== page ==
Tuesday, 30 July 2013

Lakeland 50 27th July 2013

View from tent at finish
We arrived in Coniston on Friday afternoon greeted with glorious sunshine and warm temperatures.  Not exactly what I wished for – cool with cloud cover would have been perfection.  We headed to the main field at the John Ruskin school to pitch the tents which we would be falling into after the race on Saturday.  Friday night was intended to get a good kip at the local hostel... if only!

We met up with John M and checked in at the hostel then returned to the school to watch the start of the L100 and get ourselves registered.  I watched with admiration as the L100 runners got underway, what an epic journey they were about to embark upon.  Massive respect.

I got weighed and had my mandatory kit check – all the boxes ticked.  We had plenty of time to relax and get some food before turning in.  The hostel itself was adequate enough but some of us didn’t get a great amount of sleep with the amount of snoring going on.

I was up early for a quick shower, change then a quick pot of porridge.  I thankfully got a lift to the start at Dalemain rather than spending an hour on a full bus.  The weather at Dalemain was very warm and humid with the sun blazing down.  There were L100 runners coming through to a well-deserved round of applause.  I tried to get under some shade to cool down before the start at 11:30am, a little stretching of the niggling Achilles to warm it up.

All the L50 runners congregated at the start having dibbed in and the butterflies began to start.  A 4 mile loop around the Dalemain estate the off on the adventure to Coniston.  We were off at a brisk pace around the fields surrounding the estate and back through the crowds at the start.  I was already starting on the water bottle at this point, why the heck didn’t I wear a white t-shirt to deflect the sun! 

We passed through Pooley bridge and then climbed up above Ullswater taking in the cracking views on a beautiful day.  John and I unintentionally found ourselves running around the same pace. It was good to have the company.  The first checkpoint was at Howtown at 11 miles.  Bottles topped up and a bite of flapjack and then off up Fusedale.  This section up to High Kop was tough and involved lots of hiking but once at the top (the highest point of the route) it was good running along to Low Kop and descending to Haweswater.  The heat was sapping and found myself constantly taking on liquid. I remember from the recce a couple of months ago that the section along Haweswater to Mardale Head went on and on.  I tried to block that out and just focus on putting one foot in front of the other.  I was glad to reach Mardale for some refreshments and an attempt at having a pee. (only one pee all race was a little worrying).

The next section headed up Gatesgarth pass, another hike but I knew the descent was nice and steady pretty much all the way to Kentmere.  I ploughed on passing a few L100 runners offering my best wishes.  Only 20+ miles to go.  John and I had parted company at this stage as he was having some stomach issues at the top of Gatesgarth. All of the checkpoints were fantastic with a wide variety of food and drink and the support was brilliant.  I thought Kentmere was my favourite after necking a banana and apple smoothie.  Delicious at just over half way.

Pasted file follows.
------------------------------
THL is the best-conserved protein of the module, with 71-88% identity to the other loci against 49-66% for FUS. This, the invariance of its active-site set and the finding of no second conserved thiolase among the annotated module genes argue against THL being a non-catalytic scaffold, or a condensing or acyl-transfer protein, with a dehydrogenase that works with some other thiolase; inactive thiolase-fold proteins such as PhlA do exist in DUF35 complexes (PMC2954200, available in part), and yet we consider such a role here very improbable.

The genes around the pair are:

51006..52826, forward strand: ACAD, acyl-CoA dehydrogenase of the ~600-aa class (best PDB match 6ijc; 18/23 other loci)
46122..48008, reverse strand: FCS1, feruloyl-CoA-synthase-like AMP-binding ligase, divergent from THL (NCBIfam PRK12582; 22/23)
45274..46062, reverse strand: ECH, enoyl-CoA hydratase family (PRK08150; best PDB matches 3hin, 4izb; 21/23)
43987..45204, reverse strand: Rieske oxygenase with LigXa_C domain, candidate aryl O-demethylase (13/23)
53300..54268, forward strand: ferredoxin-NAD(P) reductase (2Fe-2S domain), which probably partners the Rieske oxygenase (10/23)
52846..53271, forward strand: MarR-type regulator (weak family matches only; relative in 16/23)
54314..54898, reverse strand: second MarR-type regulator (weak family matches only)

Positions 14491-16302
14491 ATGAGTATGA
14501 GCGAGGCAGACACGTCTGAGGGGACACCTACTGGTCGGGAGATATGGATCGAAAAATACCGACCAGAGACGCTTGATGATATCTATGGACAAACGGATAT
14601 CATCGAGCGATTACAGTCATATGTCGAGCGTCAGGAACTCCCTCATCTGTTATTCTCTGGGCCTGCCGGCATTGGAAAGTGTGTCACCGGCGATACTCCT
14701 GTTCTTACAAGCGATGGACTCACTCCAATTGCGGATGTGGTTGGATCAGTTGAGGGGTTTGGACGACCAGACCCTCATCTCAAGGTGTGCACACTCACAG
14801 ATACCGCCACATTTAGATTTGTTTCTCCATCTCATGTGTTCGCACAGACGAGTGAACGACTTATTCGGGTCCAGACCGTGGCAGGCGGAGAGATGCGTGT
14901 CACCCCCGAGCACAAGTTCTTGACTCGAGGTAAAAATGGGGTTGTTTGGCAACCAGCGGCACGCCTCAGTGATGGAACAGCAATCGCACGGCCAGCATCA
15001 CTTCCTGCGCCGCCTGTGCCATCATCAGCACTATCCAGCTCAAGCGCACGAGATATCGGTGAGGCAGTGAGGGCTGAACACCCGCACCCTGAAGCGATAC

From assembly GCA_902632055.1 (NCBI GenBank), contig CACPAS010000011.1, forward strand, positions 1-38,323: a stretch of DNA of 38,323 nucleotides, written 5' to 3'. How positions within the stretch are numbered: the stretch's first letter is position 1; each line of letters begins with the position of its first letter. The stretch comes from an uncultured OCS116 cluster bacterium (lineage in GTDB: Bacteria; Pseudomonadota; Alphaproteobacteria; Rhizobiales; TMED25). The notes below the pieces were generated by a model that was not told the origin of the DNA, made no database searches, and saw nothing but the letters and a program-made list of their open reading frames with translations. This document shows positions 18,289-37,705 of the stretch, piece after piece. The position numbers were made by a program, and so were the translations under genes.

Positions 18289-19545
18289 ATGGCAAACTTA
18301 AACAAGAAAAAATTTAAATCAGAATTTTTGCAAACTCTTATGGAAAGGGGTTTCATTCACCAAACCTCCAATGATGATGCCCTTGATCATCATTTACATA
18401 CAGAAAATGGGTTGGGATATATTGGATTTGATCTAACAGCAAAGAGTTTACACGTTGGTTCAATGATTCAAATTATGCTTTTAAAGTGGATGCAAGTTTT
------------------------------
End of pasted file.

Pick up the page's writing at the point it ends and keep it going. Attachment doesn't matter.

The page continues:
which way now

By this point runners were few and far between so I whipped out the road book to make sure I wouldn't go wrong.  Sadly that didn't work out as planned, in the wood section before Ambleside I went off track and came out onto the main road about a mile further out of Ambleside. Bummer.  

I ran through Ambleside with cheers from the pub gardens and random folk on the street, a great motivator.  I sat down in the Ambleside checkpoint and John walks in thankfully feeling better.  I gave my folks a wave and continued on with John to Chapel Stile.  It was so helpful having someone running with you to give you that encouragement and I thank John for that.  We helped each other for the last 15 miles.  I was also grateful he was there when I took a tumble on the way to Chapel Stile, a lapse of concentration and I was over on my side.  Knee,hip and hand got a bit of a hammering but was fine to continue.  The hand is currently multicoloured and fat!

From Chapel Stile we went on to Langdale and the running was becoming more comfortable. The banter was good and helped the miles tick over.  We reached the last checkpoint at Tilberthwaite and we had one a final push to the end. 3.5 miles to go - not easy by any means with the climb and descent.  We didn't think we would make sub 10 hours but plugged away and had a storming last mile into Coniston.  No headtorches needed.  The cheers from the pubs and the spectators was a huge lift all the way to the finish.  We finished in 9 hours 58 minutes and 7 seconds.  Fantastic!

My folks and Mike S were at the finish and it was good to see them, they must have had a long day.  It was a great race and fabulous organisation and support throughout.  It was brutal and challenging but we made it.  Joint 21st place.

I had no sleep that night as the rain started soon after we finished and I was in the tent.  I was up early passing the finish gantry and surprised to see Fergus' wife there.  Fergus was running as a team of four and was still out - due in at 8:15am.  He'd been out all night in the rain.  Unbelieveable.  If he'd ran the race on his own he would have been top 20.